Take 10: The importance of effective feedback & 10 top tips

Whether it’s explicit or implicit we’re always giving or receiving feedback, often when we don’t even realise. So, for the latest in our Take 10 series, we’re looking at the importance of effective feedback and have listed 10 smart ideas to help you and your employees achieve more.

Why is feedback so important?

Feedback helps individuals and businesses continuously improve. Businesses with an effective feedback loop – who do something, get an effect, and then get feedback – tend to be more efficient as employees are more engaged. Conversely, employees who receive little or no feedback tend to disengage from their work more readily. By cultivating an effective feedback culture your business will be in a strong position for long-term sustainable growth.

It’s important to encourage your employees to regularly ask for feedback to develop their careers and understand what’s working and what’s not. In a Harvard Business Review survey, 72% of those asked said they thought their performance would improve if their manager provided corrective feedback. Without feedback, it’s easy to keep doing the same thing, achieving the same results. The goal of feedback should be to either start a new behaviour, stop an existing behaviour, or continue a behaviour that’s working.

Employers and employees tend to shy away from feedback

Although we all know feedback, constructive or positive, can be helpful in progressing our business and careers, we tend to shy away from giving it. Even the word provokes a sense of fear as people expect the worst or some feel awkward receiving praise. When feedback isn’t handled well it can feel like a personal attack, and many managers fear the short and long term effects of giving constructive feedback.

However, if feedback from both parties becomes common practice there’ll be no surprises during appraisal season, and both sides will get more from their working relationship. Whether it’s good or bad, saying it will help your employee develop.

It’s all about the situation, behaviour and impact

Using the SBI model (situation, behaviour, impact) will help you give succinct and effective feedback. For example:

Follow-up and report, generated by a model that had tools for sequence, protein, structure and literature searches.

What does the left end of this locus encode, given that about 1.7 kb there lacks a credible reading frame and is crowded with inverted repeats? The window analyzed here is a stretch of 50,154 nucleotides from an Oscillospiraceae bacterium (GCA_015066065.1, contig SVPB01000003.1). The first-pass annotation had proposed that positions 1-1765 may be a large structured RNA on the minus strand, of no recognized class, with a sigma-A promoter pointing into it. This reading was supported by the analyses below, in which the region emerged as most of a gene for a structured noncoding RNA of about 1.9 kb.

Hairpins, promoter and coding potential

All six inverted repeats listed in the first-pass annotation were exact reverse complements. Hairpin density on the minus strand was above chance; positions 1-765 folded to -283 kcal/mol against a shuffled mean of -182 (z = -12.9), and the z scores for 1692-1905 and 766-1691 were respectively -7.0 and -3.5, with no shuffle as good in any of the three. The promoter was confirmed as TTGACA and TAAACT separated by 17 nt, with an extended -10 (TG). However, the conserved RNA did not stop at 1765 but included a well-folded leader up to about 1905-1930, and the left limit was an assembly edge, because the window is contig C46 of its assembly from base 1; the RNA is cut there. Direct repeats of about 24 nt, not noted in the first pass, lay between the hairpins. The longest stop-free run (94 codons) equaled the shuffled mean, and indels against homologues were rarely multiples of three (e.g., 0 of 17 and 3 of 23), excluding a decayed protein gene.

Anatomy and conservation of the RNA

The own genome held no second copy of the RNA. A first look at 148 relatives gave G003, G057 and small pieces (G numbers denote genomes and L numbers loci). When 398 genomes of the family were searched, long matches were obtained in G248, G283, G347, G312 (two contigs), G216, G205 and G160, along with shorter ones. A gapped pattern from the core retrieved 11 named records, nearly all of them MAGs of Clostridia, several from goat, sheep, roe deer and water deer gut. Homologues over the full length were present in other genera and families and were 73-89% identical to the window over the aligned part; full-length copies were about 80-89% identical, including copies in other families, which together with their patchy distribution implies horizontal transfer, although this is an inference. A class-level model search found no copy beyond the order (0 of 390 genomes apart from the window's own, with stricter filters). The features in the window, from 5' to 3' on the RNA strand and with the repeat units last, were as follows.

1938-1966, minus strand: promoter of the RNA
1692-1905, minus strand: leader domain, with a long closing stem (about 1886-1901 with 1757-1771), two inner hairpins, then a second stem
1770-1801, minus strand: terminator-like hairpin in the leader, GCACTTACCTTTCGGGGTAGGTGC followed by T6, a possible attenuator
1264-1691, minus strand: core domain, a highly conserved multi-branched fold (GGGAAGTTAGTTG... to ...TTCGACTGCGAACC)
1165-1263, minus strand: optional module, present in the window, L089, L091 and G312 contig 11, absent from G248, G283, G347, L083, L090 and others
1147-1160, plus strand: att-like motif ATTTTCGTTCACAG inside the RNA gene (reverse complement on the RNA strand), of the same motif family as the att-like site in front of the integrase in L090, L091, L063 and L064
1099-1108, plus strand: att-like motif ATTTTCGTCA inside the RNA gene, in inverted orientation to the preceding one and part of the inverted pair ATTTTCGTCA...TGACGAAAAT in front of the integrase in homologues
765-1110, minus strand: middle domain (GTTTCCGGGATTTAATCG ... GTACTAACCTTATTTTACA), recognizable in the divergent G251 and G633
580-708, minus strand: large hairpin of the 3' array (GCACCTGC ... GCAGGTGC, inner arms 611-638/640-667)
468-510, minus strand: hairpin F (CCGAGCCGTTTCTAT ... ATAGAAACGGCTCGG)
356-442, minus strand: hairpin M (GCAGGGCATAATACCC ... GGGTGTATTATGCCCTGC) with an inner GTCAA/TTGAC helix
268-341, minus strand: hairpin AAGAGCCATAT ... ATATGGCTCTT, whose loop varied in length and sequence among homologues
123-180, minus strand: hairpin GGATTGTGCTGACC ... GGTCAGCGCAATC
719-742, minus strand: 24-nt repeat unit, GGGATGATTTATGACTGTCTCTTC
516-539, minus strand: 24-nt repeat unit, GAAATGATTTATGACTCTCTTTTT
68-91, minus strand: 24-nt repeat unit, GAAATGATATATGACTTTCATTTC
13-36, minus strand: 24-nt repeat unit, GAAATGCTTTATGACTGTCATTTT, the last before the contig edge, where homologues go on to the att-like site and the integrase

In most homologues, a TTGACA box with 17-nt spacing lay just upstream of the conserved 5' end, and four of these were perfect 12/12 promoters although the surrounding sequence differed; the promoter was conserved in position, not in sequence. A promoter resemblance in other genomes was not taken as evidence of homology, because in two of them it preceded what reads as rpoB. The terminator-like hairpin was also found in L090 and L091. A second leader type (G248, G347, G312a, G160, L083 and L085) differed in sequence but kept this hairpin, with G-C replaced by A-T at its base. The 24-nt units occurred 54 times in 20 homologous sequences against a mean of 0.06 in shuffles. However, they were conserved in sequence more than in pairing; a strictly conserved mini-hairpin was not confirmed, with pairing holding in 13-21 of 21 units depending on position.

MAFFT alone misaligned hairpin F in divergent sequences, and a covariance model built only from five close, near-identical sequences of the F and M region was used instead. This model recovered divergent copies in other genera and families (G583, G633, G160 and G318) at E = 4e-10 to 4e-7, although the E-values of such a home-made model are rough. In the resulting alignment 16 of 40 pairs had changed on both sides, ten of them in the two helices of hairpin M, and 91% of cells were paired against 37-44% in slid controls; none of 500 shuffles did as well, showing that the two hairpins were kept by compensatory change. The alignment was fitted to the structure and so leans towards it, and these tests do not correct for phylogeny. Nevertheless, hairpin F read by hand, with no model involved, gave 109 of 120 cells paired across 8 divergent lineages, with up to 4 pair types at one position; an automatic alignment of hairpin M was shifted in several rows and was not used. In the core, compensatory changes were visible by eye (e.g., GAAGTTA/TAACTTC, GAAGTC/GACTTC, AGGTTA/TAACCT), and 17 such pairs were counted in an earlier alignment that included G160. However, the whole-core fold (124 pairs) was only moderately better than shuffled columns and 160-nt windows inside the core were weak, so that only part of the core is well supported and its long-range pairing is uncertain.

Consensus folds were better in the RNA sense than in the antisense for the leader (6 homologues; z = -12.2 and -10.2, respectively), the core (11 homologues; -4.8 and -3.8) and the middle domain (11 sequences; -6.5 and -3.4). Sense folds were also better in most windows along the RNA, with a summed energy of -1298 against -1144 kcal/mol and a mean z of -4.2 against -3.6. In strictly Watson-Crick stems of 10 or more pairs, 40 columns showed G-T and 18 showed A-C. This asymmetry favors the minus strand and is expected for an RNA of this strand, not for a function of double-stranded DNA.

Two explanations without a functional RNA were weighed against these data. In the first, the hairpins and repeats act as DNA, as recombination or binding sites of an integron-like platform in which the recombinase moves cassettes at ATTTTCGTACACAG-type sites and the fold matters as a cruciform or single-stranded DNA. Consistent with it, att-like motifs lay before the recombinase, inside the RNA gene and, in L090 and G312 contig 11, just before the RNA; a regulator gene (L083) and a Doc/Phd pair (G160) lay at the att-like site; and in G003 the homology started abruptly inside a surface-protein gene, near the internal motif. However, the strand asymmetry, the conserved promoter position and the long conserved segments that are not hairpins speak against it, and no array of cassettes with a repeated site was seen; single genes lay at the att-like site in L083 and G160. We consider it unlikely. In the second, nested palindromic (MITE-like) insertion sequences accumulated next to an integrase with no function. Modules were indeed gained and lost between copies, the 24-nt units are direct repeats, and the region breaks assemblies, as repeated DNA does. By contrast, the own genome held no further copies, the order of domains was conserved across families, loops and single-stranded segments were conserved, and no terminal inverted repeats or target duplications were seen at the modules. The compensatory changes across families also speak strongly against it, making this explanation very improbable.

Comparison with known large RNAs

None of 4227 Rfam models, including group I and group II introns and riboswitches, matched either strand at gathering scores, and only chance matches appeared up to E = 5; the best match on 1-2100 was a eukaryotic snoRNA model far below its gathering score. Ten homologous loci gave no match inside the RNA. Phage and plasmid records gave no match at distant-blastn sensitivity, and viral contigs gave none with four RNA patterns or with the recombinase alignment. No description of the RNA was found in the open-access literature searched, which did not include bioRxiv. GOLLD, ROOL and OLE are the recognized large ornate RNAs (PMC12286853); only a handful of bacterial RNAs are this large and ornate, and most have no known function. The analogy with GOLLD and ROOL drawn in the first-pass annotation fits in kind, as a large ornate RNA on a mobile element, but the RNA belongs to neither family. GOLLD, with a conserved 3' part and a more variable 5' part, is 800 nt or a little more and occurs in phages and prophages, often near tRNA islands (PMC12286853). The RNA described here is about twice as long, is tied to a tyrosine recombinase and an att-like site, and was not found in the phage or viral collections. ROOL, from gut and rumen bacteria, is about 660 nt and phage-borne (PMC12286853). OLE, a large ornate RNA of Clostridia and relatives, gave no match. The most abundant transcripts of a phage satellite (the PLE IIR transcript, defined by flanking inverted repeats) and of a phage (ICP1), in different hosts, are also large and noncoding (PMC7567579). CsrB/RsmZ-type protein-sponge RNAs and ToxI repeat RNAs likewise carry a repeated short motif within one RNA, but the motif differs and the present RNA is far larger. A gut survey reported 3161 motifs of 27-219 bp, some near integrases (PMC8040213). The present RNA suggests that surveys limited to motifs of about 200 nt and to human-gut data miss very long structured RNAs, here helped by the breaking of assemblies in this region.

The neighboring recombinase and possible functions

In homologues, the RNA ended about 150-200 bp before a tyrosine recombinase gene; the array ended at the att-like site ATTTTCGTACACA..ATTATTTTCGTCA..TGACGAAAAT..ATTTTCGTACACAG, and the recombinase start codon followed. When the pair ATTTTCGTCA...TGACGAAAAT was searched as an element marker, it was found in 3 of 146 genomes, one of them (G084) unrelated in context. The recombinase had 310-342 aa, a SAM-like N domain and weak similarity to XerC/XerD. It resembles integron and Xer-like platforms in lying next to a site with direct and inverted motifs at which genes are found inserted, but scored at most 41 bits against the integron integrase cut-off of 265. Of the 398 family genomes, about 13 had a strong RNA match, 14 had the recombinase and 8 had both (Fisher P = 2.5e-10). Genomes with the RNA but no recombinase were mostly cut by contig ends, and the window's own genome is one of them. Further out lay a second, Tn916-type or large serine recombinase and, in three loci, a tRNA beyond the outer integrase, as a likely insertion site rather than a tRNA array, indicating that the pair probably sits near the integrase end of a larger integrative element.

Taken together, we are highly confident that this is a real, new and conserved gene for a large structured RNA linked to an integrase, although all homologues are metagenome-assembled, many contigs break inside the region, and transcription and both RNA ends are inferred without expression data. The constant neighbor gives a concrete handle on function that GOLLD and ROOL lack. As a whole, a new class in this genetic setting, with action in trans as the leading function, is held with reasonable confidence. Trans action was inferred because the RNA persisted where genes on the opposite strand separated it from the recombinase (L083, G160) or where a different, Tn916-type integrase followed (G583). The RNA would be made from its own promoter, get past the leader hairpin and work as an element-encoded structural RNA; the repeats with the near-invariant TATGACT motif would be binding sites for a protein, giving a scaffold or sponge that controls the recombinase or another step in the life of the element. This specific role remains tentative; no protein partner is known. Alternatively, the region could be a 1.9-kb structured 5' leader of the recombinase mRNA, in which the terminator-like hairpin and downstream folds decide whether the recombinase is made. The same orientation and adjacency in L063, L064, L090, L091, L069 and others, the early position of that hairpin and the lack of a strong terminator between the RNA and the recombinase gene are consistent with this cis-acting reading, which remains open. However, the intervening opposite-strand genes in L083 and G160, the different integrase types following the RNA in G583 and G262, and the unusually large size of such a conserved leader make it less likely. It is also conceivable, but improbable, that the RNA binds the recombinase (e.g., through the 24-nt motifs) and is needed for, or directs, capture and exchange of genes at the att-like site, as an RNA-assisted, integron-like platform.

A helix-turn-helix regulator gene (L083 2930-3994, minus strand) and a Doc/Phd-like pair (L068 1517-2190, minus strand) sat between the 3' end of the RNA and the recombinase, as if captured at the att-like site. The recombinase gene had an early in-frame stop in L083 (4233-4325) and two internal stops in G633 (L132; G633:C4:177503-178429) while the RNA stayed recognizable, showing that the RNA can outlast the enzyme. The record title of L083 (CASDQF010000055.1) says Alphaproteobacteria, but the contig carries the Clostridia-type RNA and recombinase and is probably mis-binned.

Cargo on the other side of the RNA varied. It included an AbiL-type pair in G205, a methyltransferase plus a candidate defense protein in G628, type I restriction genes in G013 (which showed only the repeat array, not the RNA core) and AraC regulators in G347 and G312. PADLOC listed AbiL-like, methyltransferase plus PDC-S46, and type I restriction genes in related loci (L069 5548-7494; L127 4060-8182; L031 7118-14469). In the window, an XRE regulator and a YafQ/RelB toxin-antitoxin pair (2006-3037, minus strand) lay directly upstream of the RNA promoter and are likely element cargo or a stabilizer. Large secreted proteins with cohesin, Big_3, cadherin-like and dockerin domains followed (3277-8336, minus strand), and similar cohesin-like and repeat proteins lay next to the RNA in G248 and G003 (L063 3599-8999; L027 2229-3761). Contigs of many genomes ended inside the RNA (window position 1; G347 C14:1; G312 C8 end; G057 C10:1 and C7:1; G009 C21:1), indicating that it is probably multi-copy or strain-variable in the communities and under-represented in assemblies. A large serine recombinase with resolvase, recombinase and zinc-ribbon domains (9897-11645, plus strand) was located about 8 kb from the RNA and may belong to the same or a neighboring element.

Situation: This morning during our weekly catch up meeting…

Behaviour: you came in 25 minutes late. A month ago we talked about how that can disrupt the team and you said you’d be on time in future…

Impact: this makes it very difficult for me as the team have lost momentum, they’re distracted and it sets a bad example.

Or

Situation: The round-up email you sent yesterday…

Behaviour: really shows you’ve gained a great understanding and passion for the product. I was particularly impressed with your initiative to use a pie chart to explain the concepts.

Impact: It’s very useful to keep the team up-to-date and explain some of the more technical items in simple terms. Keep up the good work!

Be specific about the behaviour which prompted the feedback

An important part of giving feedback is being specific about the behaviour aspect. When we start giving feedback, especially if it’s a difficult topic, it’s easy to talk around the subject or raise other unrelated items. We often assume people know what we mean. When giving feedback, behaviours should be observable facts which are clear takes aways. 

5 top tips for giving feedback

  1. Timely: ‘When you see it, say it’ – ideally within 48 hours
  2. Understandable: Give context, be clear and specific. Think about how best to approach your feedback with the individual
  3. Actionable: Discuss and agree on an action
  4. Dialogue: Have a conversation and ask questions, for example, ‘How do you see it?’ or ‘What are your thoughts?’
  5. Place: Think about the right time and place to give your feedback. Constructive feedback should take place in a private space, but positive feedback could be in public assuming that works for the receiver. It’s important not to give feedback when you (or they) are emotionally charged or distracted

5 top tips for receiving feedback

  1. Be open: Accept people’s thoughts and work with what they’re saying
  2. Assume good intent: Try to understand their point of view and don’t be defensive
  3. Embrace the opportunity: consider how you can use this feedback to develop or change
  4. Be curious: Ask questions, for example, ‘When have I acted like this?’ or ‘What could I do to improve?’
  5. Set actions or goals: Update the person on what you’re doing to improve

Go on, give it a go! Why not set yourself the challenge of giving and receiving feedback at least once this week?